College Math Teaching

November 6, 2013

Some ethical matters for university professors

Filed under: academia, editorial — Tags: , , , — collegemathteaching @ 11:45 pm

This post from College Misery hit home:

This article entitled “When Students Rate Teachers, Standards Drop (NOTE: if you really want to read the article, just google the title and it should pop up free without having to pay; Defunct Adjunct googled it and it popped up the second time s/he searched for it; or read the summary below in Defunct Adjunct’s comment; it’s nothing new we haven’t heard before, which is why it doesn’t matter too much if people read it; I’m using it more as a segue to my main point). It basically states that when we want to get good evals, we–consciously or unconsciously–let our standards drop. Those of us posting on here complain when we see our colleagues doing this. But is it more complicated than that?

On this blog, we have the motto not to care more than the student does, but is another of our unspoken mottos that we care what the students think of us entirely too much? Or is it that we don’t care, but we know administrators care, and that means we feel we are helpless to do anything about it and then become resentful about it, thereby needing a blog where we can fight back?

This is one issue. Now as far as the Wall Street Journal article: it was opinion; the only data supplied is that the number of self-reported study hours per course is dropping as grades are rising. I think that grade inflation is a fact; I am not sure it is brought on by student evaluations…..or some other factor or number of factors.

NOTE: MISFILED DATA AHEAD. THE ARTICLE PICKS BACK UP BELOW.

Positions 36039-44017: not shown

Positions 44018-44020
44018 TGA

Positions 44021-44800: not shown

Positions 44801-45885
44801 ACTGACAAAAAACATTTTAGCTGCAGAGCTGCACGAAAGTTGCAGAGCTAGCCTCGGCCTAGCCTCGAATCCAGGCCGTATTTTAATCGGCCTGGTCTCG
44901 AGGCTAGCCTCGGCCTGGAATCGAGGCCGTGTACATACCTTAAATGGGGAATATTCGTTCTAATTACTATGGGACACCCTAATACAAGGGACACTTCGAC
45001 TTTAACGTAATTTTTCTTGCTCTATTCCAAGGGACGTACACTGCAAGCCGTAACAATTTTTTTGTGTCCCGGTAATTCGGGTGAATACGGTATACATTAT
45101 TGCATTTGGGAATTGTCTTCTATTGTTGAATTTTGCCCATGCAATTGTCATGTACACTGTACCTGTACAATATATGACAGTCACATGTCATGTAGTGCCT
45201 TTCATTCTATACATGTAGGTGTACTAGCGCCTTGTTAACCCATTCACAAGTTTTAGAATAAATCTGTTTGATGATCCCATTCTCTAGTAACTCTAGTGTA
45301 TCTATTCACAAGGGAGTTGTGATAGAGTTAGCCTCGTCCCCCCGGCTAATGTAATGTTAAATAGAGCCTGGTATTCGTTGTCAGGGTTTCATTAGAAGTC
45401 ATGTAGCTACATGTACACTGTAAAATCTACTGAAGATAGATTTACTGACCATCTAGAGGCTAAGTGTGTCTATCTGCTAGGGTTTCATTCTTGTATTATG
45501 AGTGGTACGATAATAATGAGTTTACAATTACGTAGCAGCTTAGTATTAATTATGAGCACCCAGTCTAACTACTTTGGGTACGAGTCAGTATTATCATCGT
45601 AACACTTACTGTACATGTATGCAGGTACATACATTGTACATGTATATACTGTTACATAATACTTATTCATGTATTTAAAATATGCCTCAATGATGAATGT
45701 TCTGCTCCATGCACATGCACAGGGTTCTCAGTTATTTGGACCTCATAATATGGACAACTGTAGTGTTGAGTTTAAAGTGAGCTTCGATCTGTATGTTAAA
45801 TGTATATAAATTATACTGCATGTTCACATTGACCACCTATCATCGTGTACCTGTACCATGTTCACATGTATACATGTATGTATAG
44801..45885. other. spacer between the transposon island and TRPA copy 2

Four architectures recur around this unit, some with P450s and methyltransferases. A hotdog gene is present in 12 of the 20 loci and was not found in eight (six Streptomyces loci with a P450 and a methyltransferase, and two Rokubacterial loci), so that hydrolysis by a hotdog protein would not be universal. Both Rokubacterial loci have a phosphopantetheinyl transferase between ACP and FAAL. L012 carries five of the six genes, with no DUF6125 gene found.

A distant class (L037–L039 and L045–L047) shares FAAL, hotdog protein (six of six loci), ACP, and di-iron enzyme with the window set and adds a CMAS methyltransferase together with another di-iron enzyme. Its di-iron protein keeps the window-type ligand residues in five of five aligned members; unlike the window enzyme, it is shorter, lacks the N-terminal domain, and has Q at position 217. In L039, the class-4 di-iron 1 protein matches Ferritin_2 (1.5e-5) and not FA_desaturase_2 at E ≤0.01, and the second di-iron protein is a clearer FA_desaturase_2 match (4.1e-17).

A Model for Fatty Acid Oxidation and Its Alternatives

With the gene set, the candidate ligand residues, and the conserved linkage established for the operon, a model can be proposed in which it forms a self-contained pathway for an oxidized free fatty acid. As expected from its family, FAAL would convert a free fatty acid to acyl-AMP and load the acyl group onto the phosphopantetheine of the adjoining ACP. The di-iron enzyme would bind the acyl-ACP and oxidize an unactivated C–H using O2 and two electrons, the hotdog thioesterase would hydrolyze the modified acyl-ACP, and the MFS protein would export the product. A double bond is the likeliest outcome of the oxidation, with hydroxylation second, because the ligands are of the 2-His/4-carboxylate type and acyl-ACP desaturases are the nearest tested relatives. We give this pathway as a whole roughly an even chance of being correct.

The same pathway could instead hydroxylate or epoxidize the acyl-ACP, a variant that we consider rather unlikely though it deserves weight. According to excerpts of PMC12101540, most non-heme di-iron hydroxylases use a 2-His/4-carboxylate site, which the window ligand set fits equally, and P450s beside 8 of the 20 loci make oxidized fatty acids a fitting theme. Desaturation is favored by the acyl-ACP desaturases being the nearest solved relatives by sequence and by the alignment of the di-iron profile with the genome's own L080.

But the second major point of the College Misery article is this:

I have been fairly content and proud of the kind of work I’ve been doing in my career. I’ve felt accomplished and have felt as if I have been contributing positively to society. But recently, I feel like I’m working for a company that supports unethical business practices (by admitting students who won’t succeed, and whom we can immediately tell won’t succeed), unethical treatment of its employees (by hiring adjuncts in exchange for shiny pebbles and rotten apples, not to mention overworking everyone!), and unethical promises to society (that we are churning out a workforce ready to take over). This makes me feel like I’m contributing to this culture.

Now I have to modify this: many times, we admit students who have a *low probability* of success in college period, but sometimes we admit students into a major who have an infinitesimally small chance of success (e. g. admitting “math majors” with a math ACT of 17!!!!).

So, when is administration just padding the tuition numbers (“hey, you want a job, don’t you?”) or when is the administration giving someone grossly under qualified a shot? After all, low probability is not zero probability, but then again SOMEONE wins the lottery every time, right? I’m sure that someone, somewhere died from being struck by a falling meteor, right? What probability is too low?

It is hard to tell, isn’t it?

(Related article from the Los Angeles Times)

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